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Summarise the key points in the writer’s argument against the practice of capturing everything on camera. (4)
New technology has made is simple to record on camera almost any trivial event. And it’s the work of a mouse-click to distribute those images to all and sundry. Yet just because something is technically possible doesn’t automatically make it desirable. I wonder if it is starting to impair the transient joy and spontaneity of daily life. This ubiquitous, almost obligatory obsession with capturing even the most private thing in life for posterity is starting to rob us of our ability to savour the moment. And if we don’t fully savour the moment as it happens, we may miss its significance, pungency and richness. That makes the process of recalling it later much harder. Paradoxically, our click-click obsession with photographing everything may be sapping, rather than enhancing, our brain’s ability to revisit old events with pleasure or nostalgia.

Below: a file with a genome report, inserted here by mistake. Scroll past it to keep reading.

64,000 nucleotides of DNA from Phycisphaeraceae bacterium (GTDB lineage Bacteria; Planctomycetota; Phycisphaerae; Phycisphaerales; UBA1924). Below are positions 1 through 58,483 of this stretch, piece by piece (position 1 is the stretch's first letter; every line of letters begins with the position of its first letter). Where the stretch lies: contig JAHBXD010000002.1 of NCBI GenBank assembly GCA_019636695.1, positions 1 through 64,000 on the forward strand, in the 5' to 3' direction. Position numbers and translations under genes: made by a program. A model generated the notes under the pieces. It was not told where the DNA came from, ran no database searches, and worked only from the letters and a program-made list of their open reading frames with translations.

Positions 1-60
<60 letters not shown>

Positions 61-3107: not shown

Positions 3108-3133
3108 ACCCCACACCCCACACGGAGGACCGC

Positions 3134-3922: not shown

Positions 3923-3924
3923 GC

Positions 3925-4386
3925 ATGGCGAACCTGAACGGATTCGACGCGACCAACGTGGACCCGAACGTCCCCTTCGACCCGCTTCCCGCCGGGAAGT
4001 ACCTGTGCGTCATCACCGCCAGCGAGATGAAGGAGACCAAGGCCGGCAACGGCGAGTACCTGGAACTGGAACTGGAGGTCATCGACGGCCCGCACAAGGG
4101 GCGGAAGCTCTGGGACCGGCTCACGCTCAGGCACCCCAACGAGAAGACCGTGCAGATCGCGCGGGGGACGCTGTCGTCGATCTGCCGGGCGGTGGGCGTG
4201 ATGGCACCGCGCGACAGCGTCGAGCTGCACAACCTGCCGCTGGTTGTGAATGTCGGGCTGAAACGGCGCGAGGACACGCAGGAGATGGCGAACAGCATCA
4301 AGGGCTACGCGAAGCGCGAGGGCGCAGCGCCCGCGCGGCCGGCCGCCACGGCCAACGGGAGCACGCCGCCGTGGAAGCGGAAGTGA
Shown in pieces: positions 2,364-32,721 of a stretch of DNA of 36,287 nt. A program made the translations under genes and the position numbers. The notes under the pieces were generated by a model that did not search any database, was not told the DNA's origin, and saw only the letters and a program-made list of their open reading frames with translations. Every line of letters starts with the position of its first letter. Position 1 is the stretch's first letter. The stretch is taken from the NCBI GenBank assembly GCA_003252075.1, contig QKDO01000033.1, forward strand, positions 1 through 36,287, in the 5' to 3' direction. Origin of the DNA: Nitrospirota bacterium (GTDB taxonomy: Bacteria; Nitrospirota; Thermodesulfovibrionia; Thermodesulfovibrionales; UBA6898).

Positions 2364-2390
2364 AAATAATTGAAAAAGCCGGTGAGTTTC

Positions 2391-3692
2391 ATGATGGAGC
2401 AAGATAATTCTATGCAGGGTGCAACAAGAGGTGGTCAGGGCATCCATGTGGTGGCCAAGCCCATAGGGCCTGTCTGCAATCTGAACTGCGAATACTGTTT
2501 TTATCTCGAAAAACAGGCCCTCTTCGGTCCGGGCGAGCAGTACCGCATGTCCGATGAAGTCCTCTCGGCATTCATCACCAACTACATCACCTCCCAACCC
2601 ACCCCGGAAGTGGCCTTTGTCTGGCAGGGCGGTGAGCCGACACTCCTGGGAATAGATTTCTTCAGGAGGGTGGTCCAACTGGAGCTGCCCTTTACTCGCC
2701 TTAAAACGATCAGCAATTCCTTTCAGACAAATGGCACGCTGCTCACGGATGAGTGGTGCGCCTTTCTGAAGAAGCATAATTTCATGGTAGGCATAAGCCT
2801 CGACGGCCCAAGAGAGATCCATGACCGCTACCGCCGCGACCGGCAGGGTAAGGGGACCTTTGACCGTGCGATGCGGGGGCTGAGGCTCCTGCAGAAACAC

“You had to be there” isn’t just a cliché. It’s also good advice. We should stop trying to freeze-frame treasurable moments for some tomorrow that may never come, or some absentee audience that probably isn’t interested anyway, and just enjoy them as they come and go. God knows, they come and go quickly enough.